Breaston Parish Council  Parish Rooms Blind Lane Breaston Derbyshire DE72 3DW  Tel: 01332 870119 Original material copyright © Park Hall Designs 2016 Breaston PARISH COUNCIL
Home Parish Council
The Village Information Contact Us
Help

The Parish Rooms

Blind Lane

Breaston  Derbyshire

DE72 3DW

Tel: 01332 870119


History and Heritage - What Makes Breaston Unique

Breaston lies within the ancient hundred of Morleston and Litchurch and has been  variously known as Breason, Braydeson, Braidstune, Bradeston, Breydison and Breston.  The origin of its name is said to be Braegd's tun, i.e. Braegd's farm.

From a population of 379 in 1801 it had risen to 4,502 in 1991.

The village lies along the A6005 road between Derby and Nottingham. North south roads link the village to nearby settlements such as Risley and Sawley. Long Eaton is to the east of the M1 motorway and Draycott is beyond the railway line to the west of the village. The cities of Derby and Nottingham are 8 miles and 10 miles away respectively.  There is a major motorway access point about 1 mile from the village & the prospect of potential future widening causes concern.

There is a train line running through the village although the nearest stations are either in Long Eaton or Spondon, but with limited stops. At one time there was a train station to the west of the village.  Again prior to 1964 the Derby Canal ran through Breaston; there is now a Canal Trust actively trying to restore this with most people being in favour. The village is in the Trent Valley floodplain area, although the actual river is about 1.5 miles distance from the centre.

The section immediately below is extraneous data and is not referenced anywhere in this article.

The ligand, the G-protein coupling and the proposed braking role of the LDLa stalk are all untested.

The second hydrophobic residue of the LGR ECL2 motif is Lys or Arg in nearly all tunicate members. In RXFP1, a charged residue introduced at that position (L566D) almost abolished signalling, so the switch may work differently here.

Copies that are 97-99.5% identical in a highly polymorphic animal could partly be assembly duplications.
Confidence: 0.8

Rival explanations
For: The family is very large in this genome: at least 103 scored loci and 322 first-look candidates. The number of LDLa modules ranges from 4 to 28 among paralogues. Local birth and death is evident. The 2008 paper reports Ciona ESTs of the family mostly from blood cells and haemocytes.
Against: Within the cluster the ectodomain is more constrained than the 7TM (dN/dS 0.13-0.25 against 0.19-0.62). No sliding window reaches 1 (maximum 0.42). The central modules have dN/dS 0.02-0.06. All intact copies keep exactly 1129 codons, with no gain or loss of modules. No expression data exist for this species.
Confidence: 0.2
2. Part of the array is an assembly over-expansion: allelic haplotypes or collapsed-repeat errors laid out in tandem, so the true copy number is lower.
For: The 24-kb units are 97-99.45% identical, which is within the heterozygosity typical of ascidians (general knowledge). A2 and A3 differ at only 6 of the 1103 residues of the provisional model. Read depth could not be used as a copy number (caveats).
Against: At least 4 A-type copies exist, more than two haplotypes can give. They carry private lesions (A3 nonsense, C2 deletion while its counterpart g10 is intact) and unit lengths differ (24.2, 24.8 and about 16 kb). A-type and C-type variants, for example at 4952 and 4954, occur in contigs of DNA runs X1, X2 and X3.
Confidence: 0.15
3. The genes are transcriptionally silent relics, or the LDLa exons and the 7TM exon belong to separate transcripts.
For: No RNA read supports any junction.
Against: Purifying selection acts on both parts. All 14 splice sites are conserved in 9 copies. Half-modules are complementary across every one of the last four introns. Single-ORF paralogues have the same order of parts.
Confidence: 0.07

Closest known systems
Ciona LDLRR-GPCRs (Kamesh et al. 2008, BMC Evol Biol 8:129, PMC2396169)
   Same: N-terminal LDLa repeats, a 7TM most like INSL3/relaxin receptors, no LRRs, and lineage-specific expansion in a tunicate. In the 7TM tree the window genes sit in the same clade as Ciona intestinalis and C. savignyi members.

The Breaston Wind Engine - built to pump water for use in a paddling stream at the Perks Recreation Ground (built 1935 and restored 2008)

Head at foot of tower

Play equipment - Perks Recreation Ground

The surrounding countryside is much valued by the community & can be reached within minutes by the good network of footpaths and bridleways radiating from the village & the National Millennium cycle route which passes through the village. Changes in recreational use have led to increasing ‘horsiculture’, so that there are now insufficient bridleways.  There is an added problem in that much of the land is low-lying heavy clay, which hooves churn up in winter months.

This area could benefit from a series of longer route initiatives – such as the Mid-Shires Way and the Trent Valley Way.

The village is sited in the Lower Derwent / Trent Valley and there have been proposals to promote the Trent Valley for recreational needs; for example locally important tourist sites are nearby at Sawley Marina and Trent Lock where several canals and waterways converge.


More >

1722 Map of Breaston and Risley - click to view